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Blogs From Exile

Respect the Power of Example, Both Good and Bad

The suggestion, "Be the change you want to see in the world", urges us to act to improve our surroundings. In another sense, though, it tells us to represent our values and what we consider progress. In this excerpt from my self-improvement book The Unused Path: Skills for Living an Authentic Life, I talk about the importance of being mindful of the example we set in the world.

Respect the power of example


While we shouldn't do things so that others will see them, we should still remember that people watch what we do.


We never know when our actions are being observed by someone who may be influenced by our behavior. Has anyone ever told you that you inspired them at some point in the past and you didn't know it at the time? Ever hear someone remark that a chance encounter with a stranger who demonstrated selflessness or kindness changed their attitude for the better? That's the power of good example.


One of the reasons good example is so effective is that it leaves no room for hypocrisy. You're not telling anyone how they should behave—your actions are inspiring them. Deeds not words.


It's important to remember the power of bad example too. We sometimes don't know who looks up to us, or who believes we have better answers than they do. If we do something wrong, or demonstrate selfishness or a lack of caring, we may be suggesting to that individual that our bad behavior is acceptable.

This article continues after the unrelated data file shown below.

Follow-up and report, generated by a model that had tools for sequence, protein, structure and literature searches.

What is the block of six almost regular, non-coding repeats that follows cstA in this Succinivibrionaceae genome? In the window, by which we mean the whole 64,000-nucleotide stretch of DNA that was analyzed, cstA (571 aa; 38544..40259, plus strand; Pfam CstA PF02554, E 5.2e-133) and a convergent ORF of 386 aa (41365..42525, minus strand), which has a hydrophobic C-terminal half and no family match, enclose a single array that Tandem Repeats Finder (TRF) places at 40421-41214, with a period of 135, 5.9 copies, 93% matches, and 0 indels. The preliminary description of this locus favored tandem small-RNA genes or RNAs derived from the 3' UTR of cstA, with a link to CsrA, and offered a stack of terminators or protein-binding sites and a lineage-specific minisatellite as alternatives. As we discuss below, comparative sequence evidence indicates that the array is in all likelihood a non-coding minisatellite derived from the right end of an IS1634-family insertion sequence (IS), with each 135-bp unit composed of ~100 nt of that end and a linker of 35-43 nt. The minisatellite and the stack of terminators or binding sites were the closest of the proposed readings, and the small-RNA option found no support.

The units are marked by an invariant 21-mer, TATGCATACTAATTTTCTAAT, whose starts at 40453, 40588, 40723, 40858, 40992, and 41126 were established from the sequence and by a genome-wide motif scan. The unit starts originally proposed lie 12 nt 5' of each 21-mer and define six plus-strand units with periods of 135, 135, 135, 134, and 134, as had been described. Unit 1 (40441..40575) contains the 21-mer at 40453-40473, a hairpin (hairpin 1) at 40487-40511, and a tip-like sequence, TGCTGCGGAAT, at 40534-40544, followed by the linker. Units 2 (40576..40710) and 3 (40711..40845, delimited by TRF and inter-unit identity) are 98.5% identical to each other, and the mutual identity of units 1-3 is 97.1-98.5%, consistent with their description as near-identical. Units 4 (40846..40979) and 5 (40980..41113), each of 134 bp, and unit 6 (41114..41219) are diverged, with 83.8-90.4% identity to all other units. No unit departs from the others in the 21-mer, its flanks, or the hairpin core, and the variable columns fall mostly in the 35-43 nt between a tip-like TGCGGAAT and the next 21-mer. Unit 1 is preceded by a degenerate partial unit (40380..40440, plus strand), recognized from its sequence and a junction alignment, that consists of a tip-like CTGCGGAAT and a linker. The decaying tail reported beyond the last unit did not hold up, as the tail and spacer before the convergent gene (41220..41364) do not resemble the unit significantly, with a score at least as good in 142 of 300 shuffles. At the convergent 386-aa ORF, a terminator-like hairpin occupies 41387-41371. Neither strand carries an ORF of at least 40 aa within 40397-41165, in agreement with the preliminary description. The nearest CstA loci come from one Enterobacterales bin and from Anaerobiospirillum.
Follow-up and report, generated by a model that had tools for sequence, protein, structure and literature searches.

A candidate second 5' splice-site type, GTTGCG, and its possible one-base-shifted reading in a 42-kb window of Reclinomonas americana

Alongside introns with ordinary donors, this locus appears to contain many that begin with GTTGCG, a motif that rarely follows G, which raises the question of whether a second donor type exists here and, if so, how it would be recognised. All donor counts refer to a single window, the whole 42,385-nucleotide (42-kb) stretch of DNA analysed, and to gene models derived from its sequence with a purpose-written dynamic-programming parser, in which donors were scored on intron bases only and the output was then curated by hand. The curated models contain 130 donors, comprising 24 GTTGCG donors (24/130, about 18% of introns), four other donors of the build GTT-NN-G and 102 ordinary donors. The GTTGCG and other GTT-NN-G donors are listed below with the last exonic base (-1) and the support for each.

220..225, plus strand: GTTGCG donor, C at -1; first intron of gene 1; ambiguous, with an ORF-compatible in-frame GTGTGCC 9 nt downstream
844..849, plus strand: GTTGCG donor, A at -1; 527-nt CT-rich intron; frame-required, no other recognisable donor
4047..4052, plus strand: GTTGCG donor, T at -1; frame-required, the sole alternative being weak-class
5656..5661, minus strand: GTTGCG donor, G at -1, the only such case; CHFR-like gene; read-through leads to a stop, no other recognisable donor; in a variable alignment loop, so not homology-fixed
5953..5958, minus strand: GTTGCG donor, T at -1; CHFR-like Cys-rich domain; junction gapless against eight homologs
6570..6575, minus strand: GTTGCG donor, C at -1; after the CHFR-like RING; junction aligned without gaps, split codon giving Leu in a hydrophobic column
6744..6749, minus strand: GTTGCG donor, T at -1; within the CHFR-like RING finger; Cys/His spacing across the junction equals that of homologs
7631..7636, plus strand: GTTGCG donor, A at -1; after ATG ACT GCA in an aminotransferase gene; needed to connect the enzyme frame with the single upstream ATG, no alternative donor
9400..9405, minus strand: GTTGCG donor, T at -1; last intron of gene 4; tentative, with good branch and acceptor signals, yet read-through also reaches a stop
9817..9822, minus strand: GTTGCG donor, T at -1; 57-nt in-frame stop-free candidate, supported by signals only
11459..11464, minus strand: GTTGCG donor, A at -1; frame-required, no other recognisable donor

Setting the example


Have you ever been impressed by someone else's actions to the extent that you decided to imitate them?


Ever watched a stranger pick up some stray litter that was blowing around and toss it in a waste receptacle?


Been impressed by a coworker's meticulous attention to detail?


Heard a manager who was being praised for a great job say it was someone else's work, and that the author of that work should receive the accolades?


If you did, this was the power of good example in action. The people you observed all demonstrated a commitment to positive standards of behavior without saying a word about it. Setting the example might not have been their motivation, but they accomplished it just the same.


When we act in accordance with our values and standards, we can inspire others. There's a fine line between setting the example and doing something to attract attention, but if we do the same thing whether someone else is watching or not, it will be genuine.

The Unused Path is currently FREE as an ebook from Barnes & Noble and on sale for 99 cents on Amazon. It's also available in both spots in paperback for six dollars. I hope you like it. 


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